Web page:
If you will go in, and thank him for the Favour he has done your Sister, so; if not, Sir, my Power's greater in this House than yours; I have a damn'd surly Crew here, that will keep you till the next Tide, and then clap you an board my Prize; my Ship lies but a League off the _Molo_, and we shall show your Donship a damn'd _Tramontana_ Rover's Trick.

~   ~   ~   Sentence 2,615   ~   ~   ~

Then shews his Politicks, to let you see Of State Affairs he'll judge as notably, As he can do of Wit and Poetry._ _The younger Sparks, who hither do resort, Cry-- Pox o' your gentle things, give us more Sport; --Damn me, I'm sure 'twill never please the Court._ _Such Fops are never pleas'd, unless the Play Be stuff'd with Fools, as brisk and dull as they: Such might the Half-Crown spare, and in a Glass At home behold a more accomplisht Ass, Where they may set their Cravats, Wigs and Faces, And practice all their Buffoonry Grimaces; See how this-- Huff becomes-- this Dammy-- flare-- Which they at home may act, because they dare, But-- must with prudent Caution do elsewhere.

~   ~   ~   Sentence 2,654   ~   ~   ~

+Act III: Scene iia+ p. 54, l. 9 _Pimps!_ 1724 'Imps'.

~   ~   ~   Sentence 2,714   ~   ~   ~

+Dramatis Personæ+ p. 9 _Sancho, Pimp to Lucetta.

~   ~   ~   Sentence 2,810   ~   ~   ~

* * * * * * * * * Errors and Irregularities: The Rover, Part I justling him to one side _standard spelling for text_ that damn'd virtuous Woman, whom on my Conscience _text reads "Consicience"_ Read here this Postscript.

~   ~   ~   Sentence 2,835   ~   ~   ~

A little later Fetherfool comes to terms with La Nuche's duenna, Petronella, whilst Willmore makes love to Ariadne.

~   ~   ~   Sentence 2,924   ~   ~   ~

By this Hand I had rather be handsomly abus'd than dully flatter'd; but when she touches on my Poverty, my honourable Poverty, she presses me too sensibly-- for nothing is so nice as Poverty-- But damn her, I'll think of her no more: for she's a Devil, tho her Form be Angel.

~   ~   ~   Sentence 2,936   ~   ~   ~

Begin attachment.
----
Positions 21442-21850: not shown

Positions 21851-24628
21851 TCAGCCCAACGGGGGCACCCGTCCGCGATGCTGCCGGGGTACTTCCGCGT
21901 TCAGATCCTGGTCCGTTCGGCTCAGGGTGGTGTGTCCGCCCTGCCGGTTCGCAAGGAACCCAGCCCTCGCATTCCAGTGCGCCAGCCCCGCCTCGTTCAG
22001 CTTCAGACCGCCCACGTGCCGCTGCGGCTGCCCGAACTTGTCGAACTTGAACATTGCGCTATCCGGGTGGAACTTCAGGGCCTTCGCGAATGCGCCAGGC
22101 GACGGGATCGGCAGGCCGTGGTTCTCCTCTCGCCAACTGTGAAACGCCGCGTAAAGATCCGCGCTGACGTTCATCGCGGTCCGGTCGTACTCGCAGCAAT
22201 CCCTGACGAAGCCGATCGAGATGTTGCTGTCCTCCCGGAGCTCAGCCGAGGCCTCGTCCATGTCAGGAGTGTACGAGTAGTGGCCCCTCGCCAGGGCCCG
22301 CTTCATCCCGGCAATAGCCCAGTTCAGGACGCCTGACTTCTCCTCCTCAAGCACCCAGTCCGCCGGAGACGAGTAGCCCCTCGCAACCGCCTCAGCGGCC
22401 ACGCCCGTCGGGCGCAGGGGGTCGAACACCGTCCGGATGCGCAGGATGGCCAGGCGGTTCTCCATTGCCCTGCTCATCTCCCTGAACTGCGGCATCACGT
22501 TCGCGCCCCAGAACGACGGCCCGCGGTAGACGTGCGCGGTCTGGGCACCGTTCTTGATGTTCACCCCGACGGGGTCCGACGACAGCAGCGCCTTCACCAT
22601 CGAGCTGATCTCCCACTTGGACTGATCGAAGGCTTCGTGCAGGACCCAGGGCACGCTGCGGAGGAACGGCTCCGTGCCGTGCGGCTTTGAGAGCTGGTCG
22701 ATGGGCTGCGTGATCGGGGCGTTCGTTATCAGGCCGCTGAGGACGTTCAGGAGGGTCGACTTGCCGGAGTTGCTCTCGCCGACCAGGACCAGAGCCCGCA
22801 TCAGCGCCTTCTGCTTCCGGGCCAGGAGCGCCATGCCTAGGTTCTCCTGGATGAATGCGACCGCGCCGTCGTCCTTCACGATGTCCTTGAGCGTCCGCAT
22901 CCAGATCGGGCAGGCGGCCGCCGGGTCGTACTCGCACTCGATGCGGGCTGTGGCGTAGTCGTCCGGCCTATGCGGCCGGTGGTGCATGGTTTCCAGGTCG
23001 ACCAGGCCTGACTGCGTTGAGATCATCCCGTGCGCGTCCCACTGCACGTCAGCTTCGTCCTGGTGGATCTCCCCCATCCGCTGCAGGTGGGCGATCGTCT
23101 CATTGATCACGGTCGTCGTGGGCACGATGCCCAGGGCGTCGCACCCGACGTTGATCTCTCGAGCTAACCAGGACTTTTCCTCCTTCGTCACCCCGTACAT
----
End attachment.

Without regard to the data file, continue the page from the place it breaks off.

_Blunt._ Nay, adsheartlikins they are all so; tho I thought you had been Whore-proof; 'tis enough for us Fools, Country Gentlemen, Esquires, and Cullies, to miscarry in their amorous Adventures, you Men of Wit weather all Storms you.

~   ~   ~   Sentence 2,984   ~   ~   ~

Damn it, I hate a Whore that asks me Mony.

~   ~   ~   Sentence 2,994   ~   ~   ~

_Beau._ Ay, there's the Devil on't, she is-- a Whore.

~   ~   ~   Sentence 2,996   ~   ~   ~

_Beau._ Damn her, she'll be thine or any body's.

~   ~   ~   Sentence 2,997   ~   ~   ~

_Will._ I die for her-- _Beau._ Then for her Qualities-- _Will._ No more-- ye Gods, I ask no more, Be she but fair and much a Whore-- Come let's to her.

~   ~   ~   Sentence 3,056   ~   ~   ~

For I'll not bate a Ducat of this Price I've set upon my self, for all the Pleasures Youth or Love can bring me-- for see _Aurelia_-- the sad Memento of a decay'd poor old forsaken Whore in _Petronella_; consider her, and then commend my Prudence.

~   ~   ~   Sentence 3,096   ~   ~   ~

_Will._ Why, that very one Woman I spoke to is ten Whores in _Surrey_.

~   ~   ~   Sentence 3,098   ~   ~   ~

_Will._ Wise Mr. Justice, give me your Warrant, and if I do not prove 'em Whores, whip me.

~   ~   ~   Sentence 3,099   ~   ~   ~

_Feth._ Prithee hold thy scandalous blasphemous Tongue, as if I did not know Whores from Persons of Quality.

~   ~   ~   Sentence 3,101   ~   ~   ~

for thou'rt a rich Ass, and may'st do it.

~   ~   ~   Sentence 3,102   ~   ~   ~

_Feth._ Whores-- ha, ha-- _Will._ 'Tis strange Logick now, because your Band is better that mine, I must not know a Whore better than you.

~   ~   ~   Sentence 3,103   ~   ~   ~

_Blunt._ If this be a Whore, as thou say'st, I understand nothing-- by this Light such a Wench would pass for a Person of Quality in _London_.

~   ~   ~   Sentence 3,122   ~   ~   ~

_Blunt._ Look how _Willmore_ eyes her, the Rogue's smitten heart deep-- Whores-- _Feth._ Only a Trick to keep her to himself-- he thought the Name of a _Spanish_ Harlot would fright us from attempting-- I must divert him-- how is't, Captain-- Prithee mind this Musick-- Is it not most Seraphical?

~   ~   ~   Sentence 3,124   ~   ~   ~